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England began their rebuilding process in Test cricket with the two-match Test series against Sri Lanka, but to start that with a loss is never a great sign. Moreover, it would hurt the English cricket and skipper Alastair Cook more as the defeat has come at home, in their own territory. As things stand today, it looks like there could be more trouble in store, feels Devarchit Varma.
Just before the start of the second and decisive Test match against Sri Lanka, Alastair Cook finally gave in and admitted that the repetitive attacks by Shane Warne is not helping things one bit. Cook said in an interview to the BBC, “Something needs to be done.”
Surely the captain’s words sent out the message that he is certainly not in the right frame of mind a captain should be. He is clearly troubled. He is perturbed with whatever that is being said about his captaincy. Cook had entered the Test with a lot of burden on his shoulders, but the way he put forward the discomfort that he has had with Warne’s persisting criticism also proved that his mind is elsewhere. Cook is concentrating on the negatives. His energy is getting drained on something that he doesn’t control.
England’s shambolic run in Test cricket continues with an embarrassing defeat to Sri Lanka in the second Test at Headingley, and with an all-important five-Test series against India impending, they have a huge task in hand. Not only they have to get their house in order to prepare for an Indian side that is completely different from the one that toured in 2011, but they have their main man — the captain — struggling.
If Cook wouldn’t have been the captain, England might as well have sent him back to County cricket to get some much-needed runs and confidence. But that isn’t an option here. In fact, Cook, who was the first to put his hands up to lead England’s rebuilding process, is the best man to be the captain of the side. England need nothing else but a happy and determined Cook — someone the world saw during the Ashes 2010-11 Down Under.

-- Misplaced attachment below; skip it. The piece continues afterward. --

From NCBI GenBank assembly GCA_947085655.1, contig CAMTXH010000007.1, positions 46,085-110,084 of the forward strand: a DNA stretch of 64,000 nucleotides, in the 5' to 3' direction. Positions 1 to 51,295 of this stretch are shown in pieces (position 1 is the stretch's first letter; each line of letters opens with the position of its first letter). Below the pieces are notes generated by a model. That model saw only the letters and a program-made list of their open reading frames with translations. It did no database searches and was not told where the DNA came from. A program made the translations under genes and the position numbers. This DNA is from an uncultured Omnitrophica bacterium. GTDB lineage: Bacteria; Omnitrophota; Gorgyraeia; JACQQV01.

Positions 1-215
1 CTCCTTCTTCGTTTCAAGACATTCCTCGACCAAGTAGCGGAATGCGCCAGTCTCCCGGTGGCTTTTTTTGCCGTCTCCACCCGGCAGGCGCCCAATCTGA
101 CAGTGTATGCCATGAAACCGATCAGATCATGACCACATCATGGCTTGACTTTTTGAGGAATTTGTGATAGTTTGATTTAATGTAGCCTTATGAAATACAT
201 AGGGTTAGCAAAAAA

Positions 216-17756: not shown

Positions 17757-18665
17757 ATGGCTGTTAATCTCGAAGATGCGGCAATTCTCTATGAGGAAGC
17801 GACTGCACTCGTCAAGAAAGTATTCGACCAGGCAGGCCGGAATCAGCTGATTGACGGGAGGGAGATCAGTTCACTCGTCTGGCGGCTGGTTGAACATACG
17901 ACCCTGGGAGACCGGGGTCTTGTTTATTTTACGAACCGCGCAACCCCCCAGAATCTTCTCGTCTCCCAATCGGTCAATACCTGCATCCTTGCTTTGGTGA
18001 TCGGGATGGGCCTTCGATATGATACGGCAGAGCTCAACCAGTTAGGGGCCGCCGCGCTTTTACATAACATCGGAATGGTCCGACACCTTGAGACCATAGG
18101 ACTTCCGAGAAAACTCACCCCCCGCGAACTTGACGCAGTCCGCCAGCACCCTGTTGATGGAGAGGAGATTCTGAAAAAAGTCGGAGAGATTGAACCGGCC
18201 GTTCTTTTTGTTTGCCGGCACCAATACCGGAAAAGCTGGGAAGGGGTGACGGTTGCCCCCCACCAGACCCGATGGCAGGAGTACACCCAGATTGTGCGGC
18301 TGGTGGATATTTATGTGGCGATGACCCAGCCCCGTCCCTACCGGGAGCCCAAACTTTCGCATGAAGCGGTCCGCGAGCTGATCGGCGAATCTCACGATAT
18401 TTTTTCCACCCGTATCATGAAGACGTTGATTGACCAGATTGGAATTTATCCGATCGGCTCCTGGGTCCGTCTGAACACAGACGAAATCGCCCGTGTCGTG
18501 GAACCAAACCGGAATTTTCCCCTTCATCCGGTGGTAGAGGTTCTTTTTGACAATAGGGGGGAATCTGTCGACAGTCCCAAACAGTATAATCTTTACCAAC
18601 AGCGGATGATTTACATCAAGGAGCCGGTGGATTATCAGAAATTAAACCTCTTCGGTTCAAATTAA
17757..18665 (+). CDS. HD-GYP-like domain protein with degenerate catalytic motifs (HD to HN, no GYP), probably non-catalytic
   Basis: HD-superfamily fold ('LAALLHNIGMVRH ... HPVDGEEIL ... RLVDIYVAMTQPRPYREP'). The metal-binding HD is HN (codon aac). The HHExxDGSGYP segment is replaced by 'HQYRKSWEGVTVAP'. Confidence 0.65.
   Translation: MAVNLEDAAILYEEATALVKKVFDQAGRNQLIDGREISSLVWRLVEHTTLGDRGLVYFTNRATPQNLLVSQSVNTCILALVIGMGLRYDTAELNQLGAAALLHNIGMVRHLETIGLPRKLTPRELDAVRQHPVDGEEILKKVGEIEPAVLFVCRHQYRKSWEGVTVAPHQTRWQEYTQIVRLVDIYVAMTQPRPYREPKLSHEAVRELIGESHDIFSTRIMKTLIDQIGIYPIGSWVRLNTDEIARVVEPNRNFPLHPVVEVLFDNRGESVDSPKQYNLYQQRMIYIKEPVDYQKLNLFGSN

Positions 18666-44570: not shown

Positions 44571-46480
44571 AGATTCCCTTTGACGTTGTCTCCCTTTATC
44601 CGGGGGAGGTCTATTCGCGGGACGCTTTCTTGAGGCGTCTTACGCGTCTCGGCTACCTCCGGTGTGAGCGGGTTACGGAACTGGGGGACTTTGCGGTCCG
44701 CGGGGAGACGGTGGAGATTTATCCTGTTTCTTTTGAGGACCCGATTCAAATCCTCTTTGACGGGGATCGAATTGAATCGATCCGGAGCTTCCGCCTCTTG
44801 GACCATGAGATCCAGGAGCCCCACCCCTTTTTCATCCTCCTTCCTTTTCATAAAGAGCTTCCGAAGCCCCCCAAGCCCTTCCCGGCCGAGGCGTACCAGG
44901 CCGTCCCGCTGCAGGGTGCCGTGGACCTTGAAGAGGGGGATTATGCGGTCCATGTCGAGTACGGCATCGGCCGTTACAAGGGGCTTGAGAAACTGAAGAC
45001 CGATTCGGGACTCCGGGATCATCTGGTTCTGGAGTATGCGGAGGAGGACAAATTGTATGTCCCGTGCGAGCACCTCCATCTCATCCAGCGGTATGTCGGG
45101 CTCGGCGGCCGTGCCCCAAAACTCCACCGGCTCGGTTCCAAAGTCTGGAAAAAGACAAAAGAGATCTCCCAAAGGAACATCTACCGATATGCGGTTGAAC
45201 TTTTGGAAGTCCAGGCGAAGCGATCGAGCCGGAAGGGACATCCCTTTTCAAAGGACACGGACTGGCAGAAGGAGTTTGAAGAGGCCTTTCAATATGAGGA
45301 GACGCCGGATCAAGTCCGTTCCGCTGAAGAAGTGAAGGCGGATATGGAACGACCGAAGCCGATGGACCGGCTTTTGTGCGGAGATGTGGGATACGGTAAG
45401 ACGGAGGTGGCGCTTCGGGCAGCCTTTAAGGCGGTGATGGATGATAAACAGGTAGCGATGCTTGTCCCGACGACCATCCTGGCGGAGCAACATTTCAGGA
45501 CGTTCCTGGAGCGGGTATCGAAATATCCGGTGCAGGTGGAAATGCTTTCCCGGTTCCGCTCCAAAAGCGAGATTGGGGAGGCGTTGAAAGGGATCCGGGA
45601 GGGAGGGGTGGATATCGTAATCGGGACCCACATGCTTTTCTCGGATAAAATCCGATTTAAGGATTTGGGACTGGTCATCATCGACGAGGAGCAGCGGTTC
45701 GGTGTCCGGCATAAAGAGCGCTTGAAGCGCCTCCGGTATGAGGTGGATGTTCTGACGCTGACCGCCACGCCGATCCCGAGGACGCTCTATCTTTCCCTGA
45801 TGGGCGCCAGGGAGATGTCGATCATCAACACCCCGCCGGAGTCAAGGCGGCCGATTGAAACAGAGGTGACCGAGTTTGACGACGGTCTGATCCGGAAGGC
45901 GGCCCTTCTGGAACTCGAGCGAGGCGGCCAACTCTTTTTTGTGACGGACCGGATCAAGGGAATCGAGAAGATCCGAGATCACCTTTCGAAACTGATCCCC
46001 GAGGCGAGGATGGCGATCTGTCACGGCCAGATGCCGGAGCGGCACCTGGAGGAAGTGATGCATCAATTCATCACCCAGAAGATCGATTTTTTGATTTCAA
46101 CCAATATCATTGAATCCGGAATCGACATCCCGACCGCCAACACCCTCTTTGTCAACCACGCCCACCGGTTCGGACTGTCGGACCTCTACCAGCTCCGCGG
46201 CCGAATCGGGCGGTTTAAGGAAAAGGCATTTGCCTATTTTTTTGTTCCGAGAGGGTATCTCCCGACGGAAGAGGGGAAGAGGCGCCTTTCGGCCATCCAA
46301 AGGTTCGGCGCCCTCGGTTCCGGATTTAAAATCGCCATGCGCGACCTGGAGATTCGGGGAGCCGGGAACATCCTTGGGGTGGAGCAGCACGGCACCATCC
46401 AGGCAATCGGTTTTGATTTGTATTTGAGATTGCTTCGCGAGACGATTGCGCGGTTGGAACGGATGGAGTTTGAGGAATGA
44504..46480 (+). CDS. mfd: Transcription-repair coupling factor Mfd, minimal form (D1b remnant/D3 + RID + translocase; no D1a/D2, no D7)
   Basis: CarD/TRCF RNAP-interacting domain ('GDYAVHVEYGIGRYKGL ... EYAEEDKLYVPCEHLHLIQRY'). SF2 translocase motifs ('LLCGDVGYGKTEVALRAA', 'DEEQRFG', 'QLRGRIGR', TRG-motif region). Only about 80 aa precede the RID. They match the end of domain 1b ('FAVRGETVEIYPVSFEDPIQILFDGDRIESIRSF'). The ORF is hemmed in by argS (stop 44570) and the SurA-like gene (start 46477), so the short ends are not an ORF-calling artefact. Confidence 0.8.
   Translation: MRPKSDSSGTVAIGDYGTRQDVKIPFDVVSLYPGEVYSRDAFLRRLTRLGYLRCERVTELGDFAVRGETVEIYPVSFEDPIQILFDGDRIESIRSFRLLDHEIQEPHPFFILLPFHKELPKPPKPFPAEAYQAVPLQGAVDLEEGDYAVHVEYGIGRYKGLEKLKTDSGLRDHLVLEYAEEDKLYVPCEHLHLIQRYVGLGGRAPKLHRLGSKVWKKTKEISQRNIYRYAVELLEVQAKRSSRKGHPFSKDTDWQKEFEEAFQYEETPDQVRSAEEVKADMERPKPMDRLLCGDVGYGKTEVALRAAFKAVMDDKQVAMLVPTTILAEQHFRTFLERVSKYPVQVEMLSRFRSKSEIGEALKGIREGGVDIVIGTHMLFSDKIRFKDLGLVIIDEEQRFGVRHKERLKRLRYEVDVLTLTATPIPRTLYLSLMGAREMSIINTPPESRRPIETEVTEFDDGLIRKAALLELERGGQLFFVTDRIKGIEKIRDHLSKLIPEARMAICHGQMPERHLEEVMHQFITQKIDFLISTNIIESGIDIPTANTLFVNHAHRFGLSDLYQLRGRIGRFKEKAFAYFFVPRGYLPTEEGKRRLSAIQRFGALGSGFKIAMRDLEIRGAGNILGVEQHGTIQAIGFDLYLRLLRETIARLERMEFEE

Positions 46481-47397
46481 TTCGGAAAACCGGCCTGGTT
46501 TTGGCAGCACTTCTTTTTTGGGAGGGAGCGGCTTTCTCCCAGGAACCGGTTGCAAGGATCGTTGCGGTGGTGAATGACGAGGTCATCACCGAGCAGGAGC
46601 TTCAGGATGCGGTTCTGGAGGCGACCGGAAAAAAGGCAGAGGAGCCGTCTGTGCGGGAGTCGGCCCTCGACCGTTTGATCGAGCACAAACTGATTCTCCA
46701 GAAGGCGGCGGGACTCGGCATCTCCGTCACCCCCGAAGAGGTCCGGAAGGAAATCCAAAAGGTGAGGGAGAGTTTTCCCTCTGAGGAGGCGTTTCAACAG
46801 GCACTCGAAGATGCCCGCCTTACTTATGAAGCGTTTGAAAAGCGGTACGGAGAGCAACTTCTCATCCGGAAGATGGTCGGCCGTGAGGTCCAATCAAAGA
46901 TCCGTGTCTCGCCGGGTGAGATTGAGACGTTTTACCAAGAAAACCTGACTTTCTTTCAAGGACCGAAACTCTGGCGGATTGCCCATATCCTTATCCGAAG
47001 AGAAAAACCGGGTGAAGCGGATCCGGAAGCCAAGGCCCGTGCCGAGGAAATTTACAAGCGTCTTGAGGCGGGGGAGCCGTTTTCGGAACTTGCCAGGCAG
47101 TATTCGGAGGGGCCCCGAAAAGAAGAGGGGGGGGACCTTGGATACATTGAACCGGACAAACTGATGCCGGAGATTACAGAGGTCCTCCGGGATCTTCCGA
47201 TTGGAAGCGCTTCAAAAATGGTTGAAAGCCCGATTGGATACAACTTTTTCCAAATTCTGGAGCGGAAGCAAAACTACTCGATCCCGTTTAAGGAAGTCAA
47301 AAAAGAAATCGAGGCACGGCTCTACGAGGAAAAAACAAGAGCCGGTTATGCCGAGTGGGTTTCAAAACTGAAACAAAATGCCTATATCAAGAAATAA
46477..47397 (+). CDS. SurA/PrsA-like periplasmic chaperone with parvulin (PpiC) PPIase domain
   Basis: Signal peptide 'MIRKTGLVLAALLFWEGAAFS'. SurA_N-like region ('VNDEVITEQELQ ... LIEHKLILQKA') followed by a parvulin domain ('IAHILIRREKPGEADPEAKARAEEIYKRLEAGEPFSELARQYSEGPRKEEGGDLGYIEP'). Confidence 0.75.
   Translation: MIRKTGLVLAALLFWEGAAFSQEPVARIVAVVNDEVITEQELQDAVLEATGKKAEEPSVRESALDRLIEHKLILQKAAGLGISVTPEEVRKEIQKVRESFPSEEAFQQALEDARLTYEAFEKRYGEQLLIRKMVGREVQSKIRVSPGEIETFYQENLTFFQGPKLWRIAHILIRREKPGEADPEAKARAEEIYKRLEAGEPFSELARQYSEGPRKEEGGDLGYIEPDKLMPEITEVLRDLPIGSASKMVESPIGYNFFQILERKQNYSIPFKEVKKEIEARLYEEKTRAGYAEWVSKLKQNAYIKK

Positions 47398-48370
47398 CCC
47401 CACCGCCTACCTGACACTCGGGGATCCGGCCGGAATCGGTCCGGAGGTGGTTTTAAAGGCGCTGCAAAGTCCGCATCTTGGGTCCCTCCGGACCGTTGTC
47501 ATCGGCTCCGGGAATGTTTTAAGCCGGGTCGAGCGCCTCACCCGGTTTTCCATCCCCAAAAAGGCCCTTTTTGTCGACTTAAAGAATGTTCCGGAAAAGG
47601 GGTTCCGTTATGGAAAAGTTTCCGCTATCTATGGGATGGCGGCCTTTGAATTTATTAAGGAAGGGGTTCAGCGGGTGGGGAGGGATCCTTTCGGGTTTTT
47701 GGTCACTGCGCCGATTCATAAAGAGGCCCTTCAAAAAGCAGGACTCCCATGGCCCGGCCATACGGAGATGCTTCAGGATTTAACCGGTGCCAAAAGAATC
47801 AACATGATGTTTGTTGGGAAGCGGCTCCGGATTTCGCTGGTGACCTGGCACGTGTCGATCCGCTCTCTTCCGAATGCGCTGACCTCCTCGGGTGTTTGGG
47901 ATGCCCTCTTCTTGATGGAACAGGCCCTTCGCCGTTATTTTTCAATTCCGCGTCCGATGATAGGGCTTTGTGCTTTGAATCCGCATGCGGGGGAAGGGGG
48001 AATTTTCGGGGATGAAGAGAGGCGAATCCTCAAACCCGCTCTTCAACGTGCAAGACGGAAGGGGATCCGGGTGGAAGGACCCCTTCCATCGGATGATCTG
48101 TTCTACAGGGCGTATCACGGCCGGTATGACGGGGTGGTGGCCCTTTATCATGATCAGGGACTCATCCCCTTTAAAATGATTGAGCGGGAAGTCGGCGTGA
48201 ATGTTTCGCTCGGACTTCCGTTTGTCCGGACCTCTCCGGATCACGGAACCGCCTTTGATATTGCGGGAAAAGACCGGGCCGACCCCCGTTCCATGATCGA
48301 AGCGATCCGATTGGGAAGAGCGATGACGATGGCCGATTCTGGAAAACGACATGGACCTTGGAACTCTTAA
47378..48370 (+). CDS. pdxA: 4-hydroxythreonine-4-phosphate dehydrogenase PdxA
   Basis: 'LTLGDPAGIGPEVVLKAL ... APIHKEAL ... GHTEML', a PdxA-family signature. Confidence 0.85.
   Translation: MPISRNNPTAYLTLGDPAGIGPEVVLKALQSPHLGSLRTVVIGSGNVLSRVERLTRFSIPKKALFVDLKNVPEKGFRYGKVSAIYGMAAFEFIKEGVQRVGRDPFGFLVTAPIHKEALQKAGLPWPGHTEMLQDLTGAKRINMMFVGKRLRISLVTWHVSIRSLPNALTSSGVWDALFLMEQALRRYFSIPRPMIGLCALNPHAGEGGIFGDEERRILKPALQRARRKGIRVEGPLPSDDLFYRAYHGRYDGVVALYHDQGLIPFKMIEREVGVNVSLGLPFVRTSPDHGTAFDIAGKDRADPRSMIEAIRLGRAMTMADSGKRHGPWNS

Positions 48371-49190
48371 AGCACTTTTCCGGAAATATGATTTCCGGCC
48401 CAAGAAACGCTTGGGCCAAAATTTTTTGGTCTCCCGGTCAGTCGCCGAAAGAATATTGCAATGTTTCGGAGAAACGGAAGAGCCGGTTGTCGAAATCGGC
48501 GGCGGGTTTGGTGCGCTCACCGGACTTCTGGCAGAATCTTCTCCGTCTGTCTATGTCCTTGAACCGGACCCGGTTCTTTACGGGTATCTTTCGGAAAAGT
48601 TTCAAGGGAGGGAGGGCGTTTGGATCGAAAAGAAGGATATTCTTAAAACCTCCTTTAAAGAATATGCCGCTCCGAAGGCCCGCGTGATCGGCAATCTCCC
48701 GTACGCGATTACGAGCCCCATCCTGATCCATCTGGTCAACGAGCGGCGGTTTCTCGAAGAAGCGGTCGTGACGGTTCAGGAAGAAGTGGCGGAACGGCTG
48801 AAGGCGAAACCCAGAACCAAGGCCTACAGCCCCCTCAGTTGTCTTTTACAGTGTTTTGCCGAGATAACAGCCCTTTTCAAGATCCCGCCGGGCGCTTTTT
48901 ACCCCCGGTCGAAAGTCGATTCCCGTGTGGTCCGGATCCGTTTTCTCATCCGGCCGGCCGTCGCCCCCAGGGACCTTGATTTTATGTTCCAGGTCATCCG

One may not believe it, but a major chunk of England’s worries lie in Cook. He has not changed his captaincy skills; neither is he trying out different things that could work for his side. Infusing new talent in the side under the umbrella of rebuilding is not the only thing, but there always has to be someone to guide them. Moeen Ali, a regular top-order batsman who unfortunately was England’s specialist spinner in the second Test against the players who are excellent against spin, kept on waiting for his chance to bowl on the fourth day when a determined pair of Angelo Mathews and Rangana Herath defied England’s bowling machinery.
The decision to not give the ball to Ali was a mistake, as the right-arm tweaker produced more opportunities than some of the top-notch England pacers produced. Certainly, Cook was wrong this time. And it was in Ali’s over only that Sri Lanka lost a wicket, albeit because of a run-out which could have been avoided.
Cook certainly needs to change the way he approach England’s captaincy. While his side failed to maintain the pressure built by James Anderson and Liam Plunkett at the start of the fourth day, the way some of the Decision Review System (DRS) calls were taken do not speak well about Cook’s leadership. The decision to hold back Ali was erroneous, so was to keep going for those frontline pacers who had thrown everything they had in their arsenal to get rid of the flourishing stand between Mathews and Herath.
England have lost a Test at home despite taking a first-innings lead of more than 100 runs. Their captain and batting mainstay Cook hasn’t scored enough runs in last couple of Test matches and he is struggling on the captaincy front as well. Despite a brilliant effort by Moeen Ali on the final day, England failed to save the Test and the series. This loss to Sri Lanka will surely be a nightmare, a major setback to England and Cook.
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